As always he is a picture of calm despite the ‘talk’ on whether his film will release on November 11. The days and nights are a haze for Gautham Vasudev Menon whose film Achcham Yenbathu Madamaiyada (AYM) with Simbu also sees its Telugu version (Sahasam Swasaga Sagipo with Naga Chaitanya) release this Friday. “Tamil censor just got done on Monday and it’s been crazy gearing up for release!” Though he had just a few days for promotions and publicity, he’s courteous enough to chat with our columnist. Excerpts follow...
Aren’t you missing the ‘publicity-window’ for AYM as the time between announcement and release is so short?
I don’t think so... Our film has garnered enough expectation with AR Rahman’s songs which you will love even more when you watch them. I’ve made a simple film where I’ve tried something ‘mass and commercial’ probably for the first time in these
But your films are ‘mass’! They have leading heroes and heroines, action, romance, songs, sentiment...
(Laughs) By ‘mass’, I mean that moment when the hero kicks around a few goons and they fly out in all directions in high-speed. I have indulged a bit in AYM’s climax. Usually distributors ask me “Sir indha scene-kku B and C-la sirippaangala?” With AYM, I’ve crossed maybe the first two lines of the ‘commercial rulebook’ but the film is set in my kind
Your kind of reality also means certain patterns/motifs get repeated — like a character, the way they dress or behave — the bikes, guitar etc... Is that on purpose?
Of course! My reality is to show good-looking people who are well-spoken, respectable but who also know to have a lot of fun. Even my titles convey a concept... Trisha’s and Jyothika’s roles from Yennai Arindhaal (2015) and Vettaiyaadu Vilaiyaadu (2006) maybe similar but Ajith and I wanted them that way. Within that framework of a divorced woman with a child, we gave a new dimension to Trisha’s character. I don’t mean to sound pompous but I want you to know you’re in a ‘Gautham Menon world’ even if you come in post-interval. The motifs are there for that purpose... there is no dearth of ideas! If I don’t come up with a scene I don’t hesitate to call other directors or writers and work on a script. I take the risk of presenting my ‘pattern’ to the audience. I’m okay if a few people don’t take kindly to it — the feedback from 90% is encouraging enough.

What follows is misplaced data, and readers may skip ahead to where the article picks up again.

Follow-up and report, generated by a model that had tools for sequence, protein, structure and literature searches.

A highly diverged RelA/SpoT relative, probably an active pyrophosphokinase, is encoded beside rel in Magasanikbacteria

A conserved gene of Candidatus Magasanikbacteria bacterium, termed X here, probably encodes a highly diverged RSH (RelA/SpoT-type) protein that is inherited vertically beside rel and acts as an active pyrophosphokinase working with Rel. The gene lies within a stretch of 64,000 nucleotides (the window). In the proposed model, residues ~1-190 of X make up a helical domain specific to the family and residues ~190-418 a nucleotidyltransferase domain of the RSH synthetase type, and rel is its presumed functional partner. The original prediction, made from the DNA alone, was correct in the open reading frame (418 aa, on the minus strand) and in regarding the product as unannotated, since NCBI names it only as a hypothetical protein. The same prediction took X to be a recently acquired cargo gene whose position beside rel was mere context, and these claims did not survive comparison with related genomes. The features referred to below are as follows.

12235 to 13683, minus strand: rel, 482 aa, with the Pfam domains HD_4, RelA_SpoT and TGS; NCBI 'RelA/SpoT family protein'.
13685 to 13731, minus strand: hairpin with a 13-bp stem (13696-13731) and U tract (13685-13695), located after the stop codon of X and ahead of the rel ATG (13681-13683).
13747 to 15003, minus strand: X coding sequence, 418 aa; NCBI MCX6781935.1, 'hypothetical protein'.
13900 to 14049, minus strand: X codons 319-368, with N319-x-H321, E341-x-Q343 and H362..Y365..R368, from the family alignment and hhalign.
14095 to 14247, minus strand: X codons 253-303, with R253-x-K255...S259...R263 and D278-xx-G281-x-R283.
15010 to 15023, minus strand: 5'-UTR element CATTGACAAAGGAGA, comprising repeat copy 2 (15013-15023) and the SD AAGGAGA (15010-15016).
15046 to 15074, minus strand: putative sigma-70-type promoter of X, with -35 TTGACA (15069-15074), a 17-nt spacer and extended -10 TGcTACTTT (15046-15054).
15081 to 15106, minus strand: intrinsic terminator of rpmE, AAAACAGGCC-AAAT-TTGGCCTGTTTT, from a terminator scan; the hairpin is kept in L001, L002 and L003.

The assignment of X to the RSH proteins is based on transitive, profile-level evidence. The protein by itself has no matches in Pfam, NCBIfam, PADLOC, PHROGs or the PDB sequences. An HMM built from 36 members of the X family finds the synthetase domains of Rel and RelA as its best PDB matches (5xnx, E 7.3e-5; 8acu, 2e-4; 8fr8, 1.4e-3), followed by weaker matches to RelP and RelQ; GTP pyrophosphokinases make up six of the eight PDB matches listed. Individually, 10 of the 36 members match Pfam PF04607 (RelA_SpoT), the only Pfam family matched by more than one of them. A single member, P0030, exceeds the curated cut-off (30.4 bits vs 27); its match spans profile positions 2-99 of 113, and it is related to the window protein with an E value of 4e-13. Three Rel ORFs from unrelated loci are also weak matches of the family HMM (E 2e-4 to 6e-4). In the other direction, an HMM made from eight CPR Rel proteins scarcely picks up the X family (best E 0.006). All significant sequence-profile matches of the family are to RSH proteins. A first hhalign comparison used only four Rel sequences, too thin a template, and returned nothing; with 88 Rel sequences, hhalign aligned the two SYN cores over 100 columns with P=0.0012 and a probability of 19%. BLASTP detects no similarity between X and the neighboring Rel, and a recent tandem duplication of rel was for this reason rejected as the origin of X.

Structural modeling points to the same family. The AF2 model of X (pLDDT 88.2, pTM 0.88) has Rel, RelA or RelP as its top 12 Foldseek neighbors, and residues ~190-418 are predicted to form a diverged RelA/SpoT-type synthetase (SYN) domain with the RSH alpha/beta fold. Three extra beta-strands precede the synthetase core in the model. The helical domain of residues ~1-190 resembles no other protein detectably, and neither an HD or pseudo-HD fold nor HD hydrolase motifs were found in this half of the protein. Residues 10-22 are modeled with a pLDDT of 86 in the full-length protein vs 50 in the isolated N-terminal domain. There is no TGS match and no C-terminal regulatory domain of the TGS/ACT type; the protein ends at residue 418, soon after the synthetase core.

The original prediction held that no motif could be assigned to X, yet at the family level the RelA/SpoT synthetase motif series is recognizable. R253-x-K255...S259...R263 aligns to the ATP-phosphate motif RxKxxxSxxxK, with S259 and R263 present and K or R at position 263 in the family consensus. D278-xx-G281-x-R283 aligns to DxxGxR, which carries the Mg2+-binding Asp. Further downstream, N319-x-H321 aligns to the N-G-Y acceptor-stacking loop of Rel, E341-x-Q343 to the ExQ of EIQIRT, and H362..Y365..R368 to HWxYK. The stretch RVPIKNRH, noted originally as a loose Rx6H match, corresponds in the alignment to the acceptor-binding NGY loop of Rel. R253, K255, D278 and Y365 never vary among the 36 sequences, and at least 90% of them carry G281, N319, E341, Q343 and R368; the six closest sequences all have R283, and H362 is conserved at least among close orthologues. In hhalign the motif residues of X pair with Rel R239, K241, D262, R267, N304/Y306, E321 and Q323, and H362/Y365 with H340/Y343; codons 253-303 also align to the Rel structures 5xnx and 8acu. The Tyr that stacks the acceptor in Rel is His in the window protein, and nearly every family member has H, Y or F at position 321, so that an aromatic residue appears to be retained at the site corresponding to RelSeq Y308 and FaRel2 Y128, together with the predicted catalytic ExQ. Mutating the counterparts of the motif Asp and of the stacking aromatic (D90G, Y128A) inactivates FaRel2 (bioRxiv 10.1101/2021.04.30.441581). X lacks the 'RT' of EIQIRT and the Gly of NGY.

Most of your technical team are people who have worked with you from 2002... Doesn’t it get monotonous?
No! It’s like mother’s food (laughs) how can it ever get boring? Just like I try and deliver an edge to my work, I hope Rajeevan (art), Antony (editing) and my associates come up with something fresh for each film. We were all new when we got together and made Khakka Khakka (2003) — Nalini Sriram did my costumes then, and Uthara handles it now. The script is given ahead and I wait for options and my team always come up with classy stuff.
A director mostly ‘decides between options’ — so where does your sense of style and standards come from?
From my mother and father I guess! I come from a moderate household but I believe that your education must show in your demeanour and actions. I try to portray that through my characters. Simbu in both VTV and AYM is an urban, classy guy but he will connect even to the fan in Theni or Thoothukudi.
On that note, do you look forward to working with any actor again...?
Undoubtedly, Kamal Haasan! Vettaiyaadu... is a milestone in my career and if I may humbly add, it is so in his list of blockbusters too! If he agrees to work with me again, I will tell him, “Just sit back and enjoy the ride Sir, we will make a rocking film!”
(The writer is a columnist with The New Indian Express)